Water Awareness Month




    Water Quality

  • Take used motor oil to an oil recycling center - never put it in the trash or pour it down storm drains.
  • Sweep driveways and sidewalks instead of hosing them down to reduce your water use as well as prevent debris and residue from washing into storm drains.
  • Don't wash cars on driveways or in the street. Wash your car at a car wash that filters the wastewater!
  • Dispose of medicines and household chemicals properly so they don't end up in the drinking water supply. Ask your local pharmacy about pharmaceutical take-back programs.
  • Dispose of trash and pet waste properly so they aren't washed into storm drains where they may pollute washes and streams, and groundwater.
  • Use herbicides, pesticides, and fertilizers sparingly. Use organic and more environmentally friendly products when possible.
  • Contact your water company to request a copy of the annual water quality report (also known as a consumer confidence report) and find out how frequently your drinking water is tested.
  • Join or start a group that will label storm drains with anti-dumping messages.
  • Drinking Water

  • Check with your water company to find out where your water comes from. Where does the water you use start its journey?
  • Make your water taste better by drinking it cold, filtering it (kitchen faucet or pitcher filter), adding lemons, limes or cucumber slices, or leaving a pitcher overnight to allow the chlorine to evaporate.
  • Drink tap water - it's far less expensive than bottled water and reduces waste in the environment.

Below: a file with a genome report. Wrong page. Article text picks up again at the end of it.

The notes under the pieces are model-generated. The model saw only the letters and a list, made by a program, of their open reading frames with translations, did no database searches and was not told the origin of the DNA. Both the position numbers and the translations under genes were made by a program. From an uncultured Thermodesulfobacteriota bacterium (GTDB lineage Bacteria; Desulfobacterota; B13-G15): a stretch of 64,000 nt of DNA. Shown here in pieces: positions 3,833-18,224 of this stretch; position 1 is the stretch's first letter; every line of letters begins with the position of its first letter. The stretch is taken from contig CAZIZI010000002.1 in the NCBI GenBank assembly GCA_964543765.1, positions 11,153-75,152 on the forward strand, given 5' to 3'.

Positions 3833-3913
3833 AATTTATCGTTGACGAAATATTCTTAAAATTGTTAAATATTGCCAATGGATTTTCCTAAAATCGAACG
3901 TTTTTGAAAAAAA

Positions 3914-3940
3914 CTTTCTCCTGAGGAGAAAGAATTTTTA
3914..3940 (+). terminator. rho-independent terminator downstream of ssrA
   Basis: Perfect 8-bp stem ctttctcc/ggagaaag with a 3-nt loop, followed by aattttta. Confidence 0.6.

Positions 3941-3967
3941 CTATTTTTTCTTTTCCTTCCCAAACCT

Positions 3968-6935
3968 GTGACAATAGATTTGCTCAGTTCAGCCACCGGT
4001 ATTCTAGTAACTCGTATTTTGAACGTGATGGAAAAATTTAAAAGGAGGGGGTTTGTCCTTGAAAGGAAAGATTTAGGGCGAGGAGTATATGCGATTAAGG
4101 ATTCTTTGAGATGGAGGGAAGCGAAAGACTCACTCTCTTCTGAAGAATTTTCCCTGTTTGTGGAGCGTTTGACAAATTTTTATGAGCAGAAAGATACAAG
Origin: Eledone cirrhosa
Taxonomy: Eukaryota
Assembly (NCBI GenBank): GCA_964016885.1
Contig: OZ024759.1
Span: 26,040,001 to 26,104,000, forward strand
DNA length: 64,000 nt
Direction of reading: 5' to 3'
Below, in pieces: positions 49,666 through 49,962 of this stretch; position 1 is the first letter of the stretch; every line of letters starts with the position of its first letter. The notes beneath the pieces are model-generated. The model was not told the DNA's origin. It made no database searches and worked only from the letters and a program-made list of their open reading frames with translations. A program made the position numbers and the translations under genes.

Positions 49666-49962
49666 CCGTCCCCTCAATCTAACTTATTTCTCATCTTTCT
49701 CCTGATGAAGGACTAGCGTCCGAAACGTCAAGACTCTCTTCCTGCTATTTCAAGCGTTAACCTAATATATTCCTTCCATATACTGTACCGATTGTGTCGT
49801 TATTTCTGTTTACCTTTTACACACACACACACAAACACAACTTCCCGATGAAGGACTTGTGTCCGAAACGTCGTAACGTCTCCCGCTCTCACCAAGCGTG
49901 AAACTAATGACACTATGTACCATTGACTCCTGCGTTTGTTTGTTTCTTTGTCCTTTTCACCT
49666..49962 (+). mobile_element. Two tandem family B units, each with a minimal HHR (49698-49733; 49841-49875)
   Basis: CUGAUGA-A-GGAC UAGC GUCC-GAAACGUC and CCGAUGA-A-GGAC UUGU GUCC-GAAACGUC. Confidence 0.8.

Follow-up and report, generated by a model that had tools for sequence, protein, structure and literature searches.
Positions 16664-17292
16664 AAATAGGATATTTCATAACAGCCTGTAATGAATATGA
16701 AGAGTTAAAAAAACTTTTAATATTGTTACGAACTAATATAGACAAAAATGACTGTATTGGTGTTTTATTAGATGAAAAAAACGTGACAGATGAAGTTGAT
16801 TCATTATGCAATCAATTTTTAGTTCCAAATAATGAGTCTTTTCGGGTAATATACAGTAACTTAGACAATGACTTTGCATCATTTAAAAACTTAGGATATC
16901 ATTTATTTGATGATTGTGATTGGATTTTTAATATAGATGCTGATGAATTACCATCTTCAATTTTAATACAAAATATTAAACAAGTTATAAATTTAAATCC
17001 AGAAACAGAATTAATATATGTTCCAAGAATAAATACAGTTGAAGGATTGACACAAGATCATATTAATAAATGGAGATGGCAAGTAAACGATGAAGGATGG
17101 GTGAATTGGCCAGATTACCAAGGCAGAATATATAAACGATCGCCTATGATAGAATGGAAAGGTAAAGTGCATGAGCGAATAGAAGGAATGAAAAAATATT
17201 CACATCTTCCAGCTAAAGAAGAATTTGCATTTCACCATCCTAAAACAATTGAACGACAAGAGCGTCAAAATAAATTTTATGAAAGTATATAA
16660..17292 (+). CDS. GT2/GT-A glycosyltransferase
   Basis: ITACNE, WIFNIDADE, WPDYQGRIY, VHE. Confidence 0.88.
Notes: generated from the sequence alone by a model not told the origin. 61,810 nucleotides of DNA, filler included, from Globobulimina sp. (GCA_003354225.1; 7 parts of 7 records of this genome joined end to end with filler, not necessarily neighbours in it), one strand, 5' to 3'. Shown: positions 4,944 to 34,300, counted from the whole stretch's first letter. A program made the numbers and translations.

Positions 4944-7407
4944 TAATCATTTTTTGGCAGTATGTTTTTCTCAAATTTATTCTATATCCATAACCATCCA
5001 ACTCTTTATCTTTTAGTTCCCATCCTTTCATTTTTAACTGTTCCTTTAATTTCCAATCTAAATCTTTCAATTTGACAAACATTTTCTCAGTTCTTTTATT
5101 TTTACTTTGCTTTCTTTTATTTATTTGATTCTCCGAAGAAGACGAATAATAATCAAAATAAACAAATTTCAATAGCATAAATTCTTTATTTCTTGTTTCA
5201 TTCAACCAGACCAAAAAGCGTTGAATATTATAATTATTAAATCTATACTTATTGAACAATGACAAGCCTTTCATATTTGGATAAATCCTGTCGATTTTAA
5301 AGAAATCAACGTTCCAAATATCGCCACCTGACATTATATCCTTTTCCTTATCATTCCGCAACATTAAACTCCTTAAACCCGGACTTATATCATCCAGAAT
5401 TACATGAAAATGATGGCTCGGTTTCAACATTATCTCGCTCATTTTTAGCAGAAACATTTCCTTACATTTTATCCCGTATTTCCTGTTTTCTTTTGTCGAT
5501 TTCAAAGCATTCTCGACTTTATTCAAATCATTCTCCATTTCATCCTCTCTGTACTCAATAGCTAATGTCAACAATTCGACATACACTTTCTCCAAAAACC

• Use a reusable water bottle to eliminate hundreds (if not thousands) of disposable bottles.
  • Riparian Habitat

  • Get messages to your phone or email about current conditions of rivers and streams. Use the resource: USGS WaterNow.
  • Visit wetlands, streams, lakes and springs to see Arizona's important riparian habitats.
  • Remember that in riparian habitats, toxic compounds are filtered out of water and plants stabilize stream bank soil.
  • Pick a riparian area to study. Take note of how it is used and how it changes over time.
  • Protecting the Environment

  • Support the use of reclaimed water (treated wastewater) for landscape irrigation (like golf courses) and to recharge your aquifer.
  • Demonstrate good earth-friendly habits by showing responsible water and energy use.
  • Teach children how to help our planet survive by explaining the importance of conservation, using reusable products, recycling and picking up litter.
  • To protect your home from wildfires (which are more common during drought), make sure that plants near the house are more widely-spaced and lower-growing than those farther away.
  • Reduce your water use to help meet future needs. The result? cost savings, decreased energy use, and environmental preservation.
  • Give trees a higher watering priority than other plants during drought. Trees are more difficult and costly to remove and replace.
  • Learn about your region's drought status by checking monthly updates on Arizona's short-term drought status.
  • During drought, reduce discretionary outdoor water uses, such as car washing or refilling pools and ornamental water features.